REVIEW: Juniper

Square Peg Round Hole redefines instrumental music in their sophomore record Juniper, out March 25th on Spartan Records.

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Philadelphia’s Square Peg Round Hole is a hard band to characterize and describe.  They don’t fit squarely in the circles of post-rock or electronic music, though they clearly draw inspiration from both camps.  The band’s latest effort, Juniper, falls somewhere in the pop-y middle ground.  The split between genres, however, never results in a confused identity.  The band knows what sound they want to make, and their unified direction comes through clearly.

The album covers a range of moods and styles in its twelve tracks.  Glockenspiels propel lighter fare such as “A-Frame,” “Lapse” touches on glitchy electronica, “Smashed” broods and swells, and “Unraveling” closes the album with the most conventional post-rock tune of the bunch.  Textures range from warm organics to cool synths and drum kits, rising and falling to compose a grand experience.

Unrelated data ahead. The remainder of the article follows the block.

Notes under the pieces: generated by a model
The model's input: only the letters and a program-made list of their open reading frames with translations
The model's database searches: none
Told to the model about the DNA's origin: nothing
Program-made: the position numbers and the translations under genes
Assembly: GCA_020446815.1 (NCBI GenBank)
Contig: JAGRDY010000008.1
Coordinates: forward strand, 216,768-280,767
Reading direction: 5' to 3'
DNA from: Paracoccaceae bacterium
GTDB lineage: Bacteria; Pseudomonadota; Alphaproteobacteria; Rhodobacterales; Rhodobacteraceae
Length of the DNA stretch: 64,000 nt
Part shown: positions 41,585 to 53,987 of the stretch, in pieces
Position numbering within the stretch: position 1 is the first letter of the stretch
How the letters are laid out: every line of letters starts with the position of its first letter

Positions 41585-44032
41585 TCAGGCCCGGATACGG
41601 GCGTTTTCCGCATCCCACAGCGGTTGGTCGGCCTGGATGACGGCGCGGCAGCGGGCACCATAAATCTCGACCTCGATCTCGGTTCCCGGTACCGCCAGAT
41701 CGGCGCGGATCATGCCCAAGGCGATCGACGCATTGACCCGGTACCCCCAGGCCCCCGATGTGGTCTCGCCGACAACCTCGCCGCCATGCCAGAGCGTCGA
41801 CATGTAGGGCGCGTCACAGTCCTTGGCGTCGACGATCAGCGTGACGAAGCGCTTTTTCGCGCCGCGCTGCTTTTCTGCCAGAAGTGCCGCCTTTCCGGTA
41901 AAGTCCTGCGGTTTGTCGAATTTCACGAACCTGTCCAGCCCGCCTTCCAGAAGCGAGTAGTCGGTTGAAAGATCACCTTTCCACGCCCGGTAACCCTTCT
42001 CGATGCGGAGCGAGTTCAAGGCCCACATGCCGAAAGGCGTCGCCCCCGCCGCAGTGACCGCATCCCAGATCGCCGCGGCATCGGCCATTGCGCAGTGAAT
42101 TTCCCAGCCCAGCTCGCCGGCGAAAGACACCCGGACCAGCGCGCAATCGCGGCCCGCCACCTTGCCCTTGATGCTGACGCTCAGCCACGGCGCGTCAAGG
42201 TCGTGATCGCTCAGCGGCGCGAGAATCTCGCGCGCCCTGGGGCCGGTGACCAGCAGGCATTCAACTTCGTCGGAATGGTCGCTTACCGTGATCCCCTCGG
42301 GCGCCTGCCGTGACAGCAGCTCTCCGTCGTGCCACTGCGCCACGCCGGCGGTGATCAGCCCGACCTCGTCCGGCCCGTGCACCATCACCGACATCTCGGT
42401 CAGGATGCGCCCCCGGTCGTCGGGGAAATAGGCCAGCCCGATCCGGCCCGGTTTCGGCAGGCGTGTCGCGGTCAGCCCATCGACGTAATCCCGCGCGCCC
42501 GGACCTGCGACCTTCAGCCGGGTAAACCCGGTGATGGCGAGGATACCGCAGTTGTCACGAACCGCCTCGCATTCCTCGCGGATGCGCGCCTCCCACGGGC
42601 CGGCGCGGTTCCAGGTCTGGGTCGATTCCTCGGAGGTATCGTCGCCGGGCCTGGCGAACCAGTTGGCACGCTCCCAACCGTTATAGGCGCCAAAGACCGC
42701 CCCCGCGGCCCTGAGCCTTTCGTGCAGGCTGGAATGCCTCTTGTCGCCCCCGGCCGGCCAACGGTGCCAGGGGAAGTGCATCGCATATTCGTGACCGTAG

However, there a few missteps in the course of the album.  The opening suite of “Introduction” and “Our Town” seeks to be heavy, but is ultimately disarmed by the aforementioned glockenspiel and cheesy, synthetic drum sounds.  Some of the tracks on the second side aren’t as compelling either.  Therefore, it’s harder to get into the album.

As the band’s name implies, Square Peg Round Hole blends together ideas that would seem an unlikely fit.  However, they succeed in their pairings without seeming too forced.  This album — particularly the last half, and particularly the third side (“Juniper,” “Come:Gone,” and “Name Not One Man”) — is fantastic.  Square Peg Round Hole employs a supremely creative approach to instrumental music.  Juniper never loses sight of melody in spite of being percussion-driven.  The album, for all its boldness, ultimately doesn’t betray its deftness and ease of execution.  Square Peg Round Hole has carved out a new place in music, and I’m excited to hear what comes next.

Check out the band on social media, and order one of the wicked-cool vinyl variants from Spartan Records.

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